A 2010 study presented at the the Association for Psychological Sciences convention in Boston found that playing video games that involve reckless driving is associated with IRL reckless driving, “including speeding, crossing double yellow lines, tailgating and being pulled over by the police.”
In our own XXJFG study, peer-reviewed by Giorgio Moroder and the saintly apparition of Donna Summer, playing video games that involve reckless driving is also associated with mixtapes that blare immortal-sounding house music, seeing the world in 8-bit colours, pretending you’re the dude from Outrun and being totally friggin awesome.
It could be very different. You could be in a universe where 20jazzfunkgreats lives in a constant 503 state. Or in a universe where 20jazzfunkgreats publishes complex analyses of the physics of crabcore1. Or in a universe where 20jazzfunkgreats is operational, thanks to a top notch digital infrastructure funded through advertising, product placement and other forms of revenue generation.
But you aren’t. You are in a universe where 20jazzfunkgreats is more or less the way it was when it came into existence ca. 10 years ago, a universe where 20jazzfunkgreats spends its Sundays scowling at passing children from the window of its manor, while its considers alternative scenarios for the evolution of Planet Earth, if only the multi-dimensional dice that shape cultural change had landed differently.
But before you start feeling lucky, consider this:
If you can read this page, then that means you are based in a universe where ERE Electronique 1988 video game ‘Captain Blood’ didn’t become the blueprint for a new and weird phase of interactive entertainment that would support mankind in the next stage of its evolution.
In other words, you are not based in a world where creating a H.R. Giger inspired game about an Errol Flynn obsessed video game designer exiled in hyperspace who has to hunt 5 of his clones to reconnect with humanity, by building the trust of alien species using an alphabet of 150 icons and navigating fractal landscapes wasn’t ‘the way things are done.’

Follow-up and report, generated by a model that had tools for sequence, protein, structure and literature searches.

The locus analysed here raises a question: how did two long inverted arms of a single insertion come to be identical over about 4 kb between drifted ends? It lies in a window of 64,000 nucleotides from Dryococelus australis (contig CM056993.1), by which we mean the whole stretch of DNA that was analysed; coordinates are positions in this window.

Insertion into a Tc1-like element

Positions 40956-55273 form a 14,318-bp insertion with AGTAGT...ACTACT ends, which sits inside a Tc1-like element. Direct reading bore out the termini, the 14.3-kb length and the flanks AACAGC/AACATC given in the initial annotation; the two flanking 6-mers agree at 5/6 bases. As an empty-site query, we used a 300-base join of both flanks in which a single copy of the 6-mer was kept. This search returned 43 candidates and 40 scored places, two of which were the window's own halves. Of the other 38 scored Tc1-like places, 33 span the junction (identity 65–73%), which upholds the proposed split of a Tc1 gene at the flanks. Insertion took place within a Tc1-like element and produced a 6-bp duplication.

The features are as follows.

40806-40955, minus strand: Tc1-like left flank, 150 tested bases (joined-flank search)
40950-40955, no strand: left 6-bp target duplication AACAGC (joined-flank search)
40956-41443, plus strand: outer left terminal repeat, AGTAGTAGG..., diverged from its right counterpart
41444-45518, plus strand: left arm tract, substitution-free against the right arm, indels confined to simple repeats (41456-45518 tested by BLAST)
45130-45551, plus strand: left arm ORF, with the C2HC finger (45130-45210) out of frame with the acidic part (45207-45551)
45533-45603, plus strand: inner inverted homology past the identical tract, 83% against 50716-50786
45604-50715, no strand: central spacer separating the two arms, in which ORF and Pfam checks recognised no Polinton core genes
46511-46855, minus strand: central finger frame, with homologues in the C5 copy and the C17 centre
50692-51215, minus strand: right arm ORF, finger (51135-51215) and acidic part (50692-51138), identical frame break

Instead, you are based in a universe where such things are considered oddities, weird experiments described in the footnotes of a history of the evolution of the medium leading to a current situation where a not-insignificant proportion of the game-playing public behaves online in a way reminiscent of the mindless tendrils of abominable putrescence one encounters crawling down the dimly lit caverns of Dark Souls’ Blight Town.
Zooloklogie is also featured in Zoolook, the album whence Ethnicolor was extracted, and sounds like the theme tune for Miami Vice if Miami Vice was set in a gnostic world where, after the awakening of the collective intelligence and the convergence of all languages, the only regulated commodities were complex epistemological concepts that can send its citizens into paradoxical Gödel loops where a contemporary visitor might see echoes of ‘breakdancing’.
1 Crabcore as in emaciated youngsters squatting over their guitars like priapic frogs, not the version we prefer, that EDM sub-genre developed by the secretive arthropod visitors H.P. Lovecraft alluded to in “Whisperer in Darkness’ (we have analysed the physic of that modality of crabcore several times; in fact, one of the purposes why we started this blog was to analyse that modality of crabcore).